While most people try to avoid infectious diseases, Dawn Bowdish, B.Sc. ’00, can’t stay away from them. That’s because her lab studies deadly pathogens. But she says there’s no place she’d rather be.
“We study Streptococcus pneumoniae, which normally lives in the sinuses, but if it leaves the sinuses, it can become a deadly form of pneumonia,” says Bowdish, assistant professor in pathology and molecular medicine at McMaster University. “A lot of the bacteria that live in our upper respiratory tract have the potential to become pathogens.” When these bacteria get out of control, the body’s immune system kicks in.
White blood cells, also known as macrophages, are the body’s first line of defence against bacterial invaders. During a process called phagocytosis, macrophages go on a feeding frenzy, consuming many times their own body mass in bacteria and killing them with their acid-filled vacuoles.
“The inside of a macrophage is a very nasty place to be,” says Bowdish. “We’re interested in how macrophages recognize bacteria and how they respond to them.” Understanding how macrophages attack bacteria could lead to therapies that help boost the body’s response to infection.
Pneumonia poses the greatest threat to children under 2 and adults over 65 because their immune systems aren’t strong enough to fight off the infection. According to the Public Health Agency of Canada, the disease kills almost 1.6 million children under 5 annually worldwide, more than AIDS, malaria and measles combined. Even healthy adults can be susceptible if their immune system is compromised by another infection like influenza.
Bowdish’s research is focusing on why the elderly are particularly vulnerable to pneumonia. “We know there are generalized defects in the immune response, but we don’t really understand why the susceptibility becomes so great,” she says. “There’s a lot we know, but more that we don’t know.”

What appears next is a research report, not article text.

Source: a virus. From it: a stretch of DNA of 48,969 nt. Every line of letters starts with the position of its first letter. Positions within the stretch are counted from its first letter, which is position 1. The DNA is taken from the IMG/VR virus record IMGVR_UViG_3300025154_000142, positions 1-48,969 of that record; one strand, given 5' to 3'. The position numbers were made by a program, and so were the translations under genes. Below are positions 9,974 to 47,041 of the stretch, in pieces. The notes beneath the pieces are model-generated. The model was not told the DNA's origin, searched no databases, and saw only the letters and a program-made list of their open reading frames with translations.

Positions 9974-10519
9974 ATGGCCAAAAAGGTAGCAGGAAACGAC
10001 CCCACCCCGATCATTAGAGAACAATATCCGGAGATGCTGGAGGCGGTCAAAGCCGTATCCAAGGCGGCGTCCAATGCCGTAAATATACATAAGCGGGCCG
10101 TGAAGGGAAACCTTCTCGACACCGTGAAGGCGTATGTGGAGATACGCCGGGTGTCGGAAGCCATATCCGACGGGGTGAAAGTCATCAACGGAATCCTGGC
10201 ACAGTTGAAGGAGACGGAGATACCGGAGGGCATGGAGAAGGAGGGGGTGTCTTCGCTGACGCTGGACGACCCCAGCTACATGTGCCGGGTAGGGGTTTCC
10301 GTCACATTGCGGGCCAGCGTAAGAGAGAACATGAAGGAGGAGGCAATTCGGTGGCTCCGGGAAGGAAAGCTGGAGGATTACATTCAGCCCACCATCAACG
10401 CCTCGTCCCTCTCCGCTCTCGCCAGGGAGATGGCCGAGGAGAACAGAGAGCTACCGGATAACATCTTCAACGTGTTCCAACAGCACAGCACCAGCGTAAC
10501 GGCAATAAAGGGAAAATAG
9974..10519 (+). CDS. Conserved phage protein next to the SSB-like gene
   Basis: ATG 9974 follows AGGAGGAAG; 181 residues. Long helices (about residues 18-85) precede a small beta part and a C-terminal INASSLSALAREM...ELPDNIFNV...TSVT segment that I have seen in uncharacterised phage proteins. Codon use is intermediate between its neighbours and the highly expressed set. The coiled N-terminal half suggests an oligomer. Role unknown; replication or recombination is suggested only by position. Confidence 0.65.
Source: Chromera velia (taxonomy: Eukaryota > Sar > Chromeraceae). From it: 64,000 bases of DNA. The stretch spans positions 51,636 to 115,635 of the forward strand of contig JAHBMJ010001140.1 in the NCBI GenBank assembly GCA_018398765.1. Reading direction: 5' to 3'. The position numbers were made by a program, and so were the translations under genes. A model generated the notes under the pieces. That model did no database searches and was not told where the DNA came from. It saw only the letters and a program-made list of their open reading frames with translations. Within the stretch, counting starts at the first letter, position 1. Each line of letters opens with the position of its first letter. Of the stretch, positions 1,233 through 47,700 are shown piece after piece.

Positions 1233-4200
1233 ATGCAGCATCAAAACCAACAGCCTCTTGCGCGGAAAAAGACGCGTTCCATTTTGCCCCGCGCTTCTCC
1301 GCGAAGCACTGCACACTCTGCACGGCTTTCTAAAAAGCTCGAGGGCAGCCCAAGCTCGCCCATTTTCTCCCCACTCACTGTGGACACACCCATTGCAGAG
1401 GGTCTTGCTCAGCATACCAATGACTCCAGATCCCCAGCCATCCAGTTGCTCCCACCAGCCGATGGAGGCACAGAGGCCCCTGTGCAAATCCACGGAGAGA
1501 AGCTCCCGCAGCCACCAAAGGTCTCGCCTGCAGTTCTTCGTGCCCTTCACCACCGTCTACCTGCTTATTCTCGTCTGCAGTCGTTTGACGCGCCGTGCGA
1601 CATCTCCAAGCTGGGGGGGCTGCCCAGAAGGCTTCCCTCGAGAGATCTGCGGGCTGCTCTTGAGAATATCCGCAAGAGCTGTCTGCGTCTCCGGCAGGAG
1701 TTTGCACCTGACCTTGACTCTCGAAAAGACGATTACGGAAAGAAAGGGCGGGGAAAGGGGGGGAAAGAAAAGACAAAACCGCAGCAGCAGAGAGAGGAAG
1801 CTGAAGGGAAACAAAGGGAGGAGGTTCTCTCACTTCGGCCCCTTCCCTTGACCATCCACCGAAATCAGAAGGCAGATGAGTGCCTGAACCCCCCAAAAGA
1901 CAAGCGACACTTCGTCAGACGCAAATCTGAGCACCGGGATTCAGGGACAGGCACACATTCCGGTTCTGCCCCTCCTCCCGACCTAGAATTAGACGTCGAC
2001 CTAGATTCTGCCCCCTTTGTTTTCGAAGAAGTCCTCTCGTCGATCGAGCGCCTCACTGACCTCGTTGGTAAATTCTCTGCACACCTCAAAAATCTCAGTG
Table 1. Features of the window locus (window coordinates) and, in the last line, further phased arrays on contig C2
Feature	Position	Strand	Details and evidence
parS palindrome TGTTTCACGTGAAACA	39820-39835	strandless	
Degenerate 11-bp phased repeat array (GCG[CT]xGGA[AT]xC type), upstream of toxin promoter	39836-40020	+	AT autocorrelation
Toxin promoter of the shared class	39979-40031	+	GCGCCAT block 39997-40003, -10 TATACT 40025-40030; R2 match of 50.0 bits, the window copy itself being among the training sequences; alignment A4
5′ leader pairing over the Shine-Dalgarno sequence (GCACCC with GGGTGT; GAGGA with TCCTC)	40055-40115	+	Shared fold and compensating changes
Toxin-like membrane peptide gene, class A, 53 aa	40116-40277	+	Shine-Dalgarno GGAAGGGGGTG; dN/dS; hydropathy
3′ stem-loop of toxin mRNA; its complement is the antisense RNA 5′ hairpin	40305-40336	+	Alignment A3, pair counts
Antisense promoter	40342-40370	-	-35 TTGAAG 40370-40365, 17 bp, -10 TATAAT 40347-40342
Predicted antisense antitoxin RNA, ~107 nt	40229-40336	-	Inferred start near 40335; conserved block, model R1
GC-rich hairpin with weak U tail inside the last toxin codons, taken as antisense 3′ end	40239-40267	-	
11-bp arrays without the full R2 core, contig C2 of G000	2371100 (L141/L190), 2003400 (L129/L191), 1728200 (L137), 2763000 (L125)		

Antibiotics are often used to treat infectious diseases, but the abuse and misuse of these drugs are contributing to the rise of antibiotic-resistant bacteria. That’s why Bowdish’s lab is trying to develop new therapies that strengthen the body’s own natural defence mechanisms.
“Antibiotics work by killing the bacteria directly; what we want to develop are therapies that help the body use the natural process of recognizing and killing the bacteria,” she says.
Vaccines help protect the body from infectious diseases, but since most vaccines are delivered through injections, they’re not the best choice for children and the needle phobic. Nasal spray vaccines are more effective than a shot in the arm, not only because they’re painless, but they stimulate the body’s immune response where the infection is most likely to start.
Nutrition also plays a role in the body’s ability to combat bacteria. “The healthier the hosts are, the more likely they are able to fight off infection,” says Bowdish.
One of the biggest risk factors to getting sick is exposure to young children. “There’s no cure for that,” says Bowdish with a laugh. “People like me who have kids are constantly assaulted, and that’s often how the elderly get sick ─ through exposure to their grandkids.” Since washing your kids’ hands every two seconds isn’t very practical, researchers are looking at other ways to keep both children and adults healthy.
Bowdish says she received a “spectacular microbiology education” at the University of Guelph, which helped build the foundation for her career, and she still collaborates with some of her former professors. Making a difference with her research keeps her motivated. “I think there’s a real opportunity to do good scientifically by making important discoveries, but also do good for the public.”
Bowdish will give a talk on “Mechanisms of Immune Control of Streptococcus pneumoniae in the Upper Respiratory Tract” on Jan. 14 at 11 a.m. in OVC Pathobiology, Room 1810.